When an accurate perception of self has been achieved, it is possible to explore cognitive mechanisms to accommodate the AS or HFA child’s unusual profile of abilities and vulnerabilities, and to consider the directions for change in self-image. One approach is using the metaphor of a road map with alternative directions and destinations.
Kids and teens on the autism spectrum need the tools to help them hone their self-reflection skills. Here are some examples of prompts that parents can use to start engaging their youngster in reflecting about his or her thinking (brainstorm some additional ones, too):
- During what activities do you become unaware of time passing?
- How did you feel?
- How do other people see you?
- How do you most want to contribute to others?
- If you were brave, what would you do?
- Tell me something that made you happy today (use the other emotion words like frustrated, sad, angry).
- What activities are you good at?
- What are you passionate about?
- What are you thinking right now?
- What are your best gifts?
- What are your dreams?
- What are your goals?
- What could this person be feeling?
- What could this person be thinking?
- What do you do right?
- What do you fear?
- What do you hesitate to admit about yourself?
- What do you like to play with?
- What do you love to do?
- What do you most want to create?
- What do you most want to give?
- What do you value?
- What do you want for your life?
- What has gone well?
- What has not gone well?
- What have you always wanted to try?
- What have you most enjoyed doing in your life?
- What is challenging for you?
- What is the next step?
- What is your best contribution?
- What made you excited today?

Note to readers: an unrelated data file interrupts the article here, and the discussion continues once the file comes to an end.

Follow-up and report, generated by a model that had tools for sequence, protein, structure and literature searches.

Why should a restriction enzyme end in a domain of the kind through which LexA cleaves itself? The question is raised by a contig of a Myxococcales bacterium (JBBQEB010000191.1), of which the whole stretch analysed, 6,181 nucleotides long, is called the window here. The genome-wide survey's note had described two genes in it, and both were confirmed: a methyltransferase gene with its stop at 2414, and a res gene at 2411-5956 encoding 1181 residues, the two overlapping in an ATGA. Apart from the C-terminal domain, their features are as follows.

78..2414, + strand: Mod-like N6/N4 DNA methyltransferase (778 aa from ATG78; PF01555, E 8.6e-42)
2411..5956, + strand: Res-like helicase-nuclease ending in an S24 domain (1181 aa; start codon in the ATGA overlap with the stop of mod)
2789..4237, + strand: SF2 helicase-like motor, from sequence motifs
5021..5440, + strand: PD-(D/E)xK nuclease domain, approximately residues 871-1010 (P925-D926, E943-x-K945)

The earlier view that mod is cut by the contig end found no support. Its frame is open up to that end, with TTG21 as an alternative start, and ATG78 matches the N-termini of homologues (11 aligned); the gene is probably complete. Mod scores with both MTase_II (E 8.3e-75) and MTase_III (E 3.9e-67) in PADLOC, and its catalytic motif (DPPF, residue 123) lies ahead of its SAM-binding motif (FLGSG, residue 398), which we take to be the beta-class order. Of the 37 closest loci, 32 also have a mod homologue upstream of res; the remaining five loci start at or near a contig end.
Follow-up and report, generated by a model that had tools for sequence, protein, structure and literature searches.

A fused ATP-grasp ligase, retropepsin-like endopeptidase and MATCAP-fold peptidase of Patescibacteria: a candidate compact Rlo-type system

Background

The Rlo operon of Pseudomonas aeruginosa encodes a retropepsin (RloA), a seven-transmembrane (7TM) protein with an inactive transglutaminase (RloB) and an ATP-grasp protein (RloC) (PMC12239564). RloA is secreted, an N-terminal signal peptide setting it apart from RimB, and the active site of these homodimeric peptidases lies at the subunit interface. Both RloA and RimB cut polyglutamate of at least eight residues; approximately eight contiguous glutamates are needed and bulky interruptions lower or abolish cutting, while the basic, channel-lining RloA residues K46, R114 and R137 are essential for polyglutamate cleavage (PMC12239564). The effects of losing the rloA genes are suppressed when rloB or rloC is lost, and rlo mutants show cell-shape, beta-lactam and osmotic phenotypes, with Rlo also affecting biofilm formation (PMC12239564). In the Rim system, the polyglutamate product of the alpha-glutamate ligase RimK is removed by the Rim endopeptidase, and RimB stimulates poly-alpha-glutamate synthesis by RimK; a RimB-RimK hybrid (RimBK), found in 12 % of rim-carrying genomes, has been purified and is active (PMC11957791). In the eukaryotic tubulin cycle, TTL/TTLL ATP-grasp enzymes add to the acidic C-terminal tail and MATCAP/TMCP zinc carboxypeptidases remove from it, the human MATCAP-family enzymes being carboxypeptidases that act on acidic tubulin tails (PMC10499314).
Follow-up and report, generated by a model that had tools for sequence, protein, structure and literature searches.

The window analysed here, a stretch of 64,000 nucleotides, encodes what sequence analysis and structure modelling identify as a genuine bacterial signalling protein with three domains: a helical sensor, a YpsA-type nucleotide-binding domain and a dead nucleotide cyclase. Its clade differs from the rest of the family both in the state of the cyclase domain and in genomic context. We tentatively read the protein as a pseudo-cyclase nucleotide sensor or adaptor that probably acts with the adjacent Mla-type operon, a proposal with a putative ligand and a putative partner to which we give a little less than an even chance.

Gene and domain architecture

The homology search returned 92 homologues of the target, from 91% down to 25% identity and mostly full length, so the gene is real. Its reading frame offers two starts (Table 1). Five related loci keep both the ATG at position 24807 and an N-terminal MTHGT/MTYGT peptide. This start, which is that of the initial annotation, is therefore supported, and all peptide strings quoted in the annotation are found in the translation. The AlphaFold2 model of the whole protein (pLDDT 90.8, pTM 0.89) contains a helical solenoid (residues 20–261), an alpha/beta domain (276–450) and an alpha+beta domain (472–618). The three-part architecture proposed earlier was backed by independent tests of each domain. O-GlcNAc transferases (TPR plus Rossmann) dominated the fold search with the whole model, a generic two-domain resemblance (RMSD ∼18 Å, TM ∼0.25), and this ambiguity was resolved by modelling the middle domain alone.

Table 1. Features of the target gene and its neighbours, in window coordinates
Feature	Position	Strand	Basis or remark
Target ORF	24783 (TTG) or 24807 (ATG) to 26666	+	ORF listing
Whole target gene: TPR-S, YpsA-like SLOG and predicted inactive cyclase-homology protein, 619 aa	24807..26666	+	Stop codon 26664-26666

- What motivates you?
- What problem do you want to solve?
- What takes energy away from you?
- What was the best part of your day?
- What was the least that you liked about your day?
- When do you feel the most “natural”?
- When is it time to take a break?
- Where are you dissatisfied in your life?
- Where are you meeting resistance right now?
- Where do you get energy from?
- Why do you like it? (best followed by “what makes you say that?”)
As much as these prompts are for the AS or HFA child, they are for parents, too. Parents should find the time to share their thoughts with their youngster and the entire family during family meetings (use some of the self-reflecting questions above as part of the meeting’s agenda).
Parents need to let everyone know what they are thinking and feeling and make it visible. In this way, the AS or HFA youngster realizes that the self-talk that goes on in her head is normal – and sharing it with her family is important. It also gives family members the opportunity to talk about not just what makes them happy, but more importantly, the deep, dark and ugly thoughts that keep them awake at night and in a state of anxiety. Self-reflection is not just about building self-esteem, it is also being able to share negative thoughts. Thus, parents will do well to give their youngster the chance to reflect on his fears – and face them.
Teaching Social Skills and Emotion Management